Not since the 1980s has South Africa seen a youth movement as focused, politicized, and determined as the current one. Then the struggle for equal education was against a system of enforced inequality in education, today the struggle is centered on reversing the effects of that inequality and rebuilding a once thwarted system. Last year, Equal Education for All focused on raising the standards of basic infrastructure while tackling widespread student and teacher late-coming in Cape Town.
This year the campaign has mushroomed into a nationwide learner-led campaign of civic action focusing on the still vast inequalities in South African education and the fact that only 8% of schools have libraries. Most of these schools are the ones that benefited from the inequitable distribution of education resources under apartheid. The School Libraries Campaign insists that One School, One Library, One Librarian is an attainable goal, and a non-negotiable right.
Through a vast and well-organized network of learner advocates, Equal Education is mobilized to march, pamphlet, and rally all over the country. Learner advocates meet in civic centers and school playgrounds, and compound their networking and mobilization cohesiveness through a serious of leadership camps with partner organizations. But Equal Education’s success in the past with bringing awareness to the shocking state of school infrastructure and endemic late coming last year was not solely because of mass action.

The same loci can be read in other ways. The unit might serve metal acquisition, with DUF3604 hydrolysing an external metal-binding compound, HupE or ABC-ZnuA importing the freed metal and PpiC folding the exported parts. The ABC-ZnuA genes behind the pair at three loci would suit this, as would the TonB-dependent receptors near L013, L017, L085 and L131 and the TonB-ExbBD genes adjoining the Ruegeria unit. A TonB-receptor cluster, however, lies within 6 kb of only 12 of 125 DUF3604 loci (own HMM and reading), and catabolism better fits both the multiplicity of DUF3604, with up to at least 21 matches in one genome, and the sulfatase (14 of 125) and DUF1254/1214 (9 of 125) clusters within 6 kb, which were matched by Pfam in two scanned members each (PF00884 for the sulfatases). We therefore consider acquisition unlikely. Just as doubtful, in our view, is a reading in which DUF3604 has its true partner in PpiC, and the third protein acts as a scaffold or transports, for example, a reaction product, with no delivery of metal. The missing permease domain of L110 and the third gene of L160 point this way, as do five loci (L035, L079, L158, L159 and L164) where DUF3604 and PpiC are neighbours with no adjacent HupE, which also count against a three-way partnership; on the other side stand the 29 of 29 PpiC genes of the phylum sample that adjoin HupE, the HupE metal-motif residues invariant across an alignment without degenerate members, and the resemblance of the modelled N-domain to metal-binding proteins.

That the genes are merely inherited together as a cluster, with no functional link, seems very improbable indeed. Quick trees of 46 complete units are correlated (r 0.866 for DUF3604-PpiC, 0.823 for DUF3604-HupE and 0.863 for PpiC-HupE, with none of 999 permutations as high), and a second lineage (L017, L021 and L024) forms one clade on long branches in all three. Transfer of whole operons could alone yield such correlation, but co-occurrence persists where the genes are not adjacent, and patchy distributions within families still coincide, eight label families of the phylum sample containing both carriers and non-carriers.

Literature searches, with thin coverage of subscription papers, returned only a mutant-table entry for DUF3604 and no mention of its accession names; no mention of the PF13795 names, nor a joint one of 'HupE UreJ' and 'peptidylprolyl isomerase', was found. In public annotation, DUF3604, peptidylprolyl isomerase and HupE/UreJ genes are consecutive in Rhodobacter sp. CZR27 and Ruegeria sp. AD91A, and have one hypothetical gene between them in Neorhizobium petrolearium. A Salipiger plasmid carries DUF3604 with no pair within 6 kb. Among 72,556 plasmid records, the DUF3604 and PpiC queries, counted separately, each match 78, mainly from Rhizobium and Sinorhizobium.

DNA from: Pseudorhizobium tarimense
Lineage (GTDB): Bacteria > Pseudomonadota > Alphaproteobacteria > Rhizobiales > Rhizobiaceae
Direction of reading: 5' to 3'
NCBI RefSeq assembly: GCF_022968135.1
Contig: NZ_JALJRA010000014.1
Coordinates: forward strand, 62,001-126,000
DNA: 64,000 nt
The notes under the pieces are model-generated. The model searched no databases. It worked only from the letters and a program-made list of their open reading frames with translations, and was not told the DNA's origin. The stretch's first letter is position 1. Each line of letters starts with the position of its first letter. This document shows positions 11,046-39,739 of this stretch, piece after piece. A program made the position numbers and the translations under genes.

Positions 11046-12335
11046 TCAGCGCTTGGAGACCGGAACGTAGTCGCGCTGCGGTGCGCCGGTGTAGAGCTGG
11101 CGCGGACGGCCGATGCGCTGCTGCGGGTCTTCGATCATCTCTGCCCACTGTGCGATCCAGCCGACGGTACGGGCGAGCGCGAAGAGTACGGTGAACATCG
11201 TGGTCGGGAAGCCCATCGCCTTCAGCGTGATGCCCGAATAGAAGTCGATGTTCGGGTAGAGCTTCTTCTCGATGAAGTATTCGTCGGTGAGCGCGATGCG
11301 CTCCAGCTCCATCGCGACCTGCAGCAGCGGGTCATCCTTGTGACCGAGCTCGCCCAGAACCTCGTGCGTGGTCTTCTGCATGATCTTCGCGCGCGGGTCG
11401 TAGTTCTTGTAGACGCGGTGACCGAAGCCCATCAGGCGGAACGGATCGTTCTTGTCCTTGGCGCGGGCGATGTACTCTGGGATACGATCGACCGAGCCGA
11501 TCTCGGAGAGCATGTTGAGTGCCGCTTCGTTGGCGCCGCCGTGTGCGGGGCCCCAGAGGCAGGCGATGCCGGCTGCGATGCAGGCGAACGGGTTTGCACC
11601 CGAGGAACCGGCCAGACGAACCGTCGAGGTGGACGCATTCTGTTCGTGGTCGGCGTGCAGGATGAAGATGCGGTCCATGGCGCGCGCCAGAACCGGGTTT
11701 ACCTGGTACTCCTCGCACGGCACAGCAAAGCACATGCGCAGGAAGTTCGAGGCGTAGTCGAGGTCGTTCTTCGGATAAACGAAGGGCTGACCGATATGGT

Equal Education works with academics, researchers, lawyers, and politicians to back up their demands with feasible and practical solutions that are affordable within current department of education budgets. The South African government has argued that One Library, One School, One Librarian is not a financially viable option. Equal Education for All has countered this with statistics insisting that the project to provide every South African school with a working library would cost between 1 and 2% of the national education budget. They are prepared to use creative litigation to force the department of education to address their demands.
It is this combination of informed mass civic action that has earned the learner stakeholders of Equal Education the attention of the South African public, parliament, and educational policy makers around the world. The work is ongoing, the project is vital, and marches are organized around the country to garner public and government attention on March 21. In Cape Town the march will end at the houses of parliament, while in Pretoria, despite some mixed messages from the government, the march will culminate at the Union Buildings.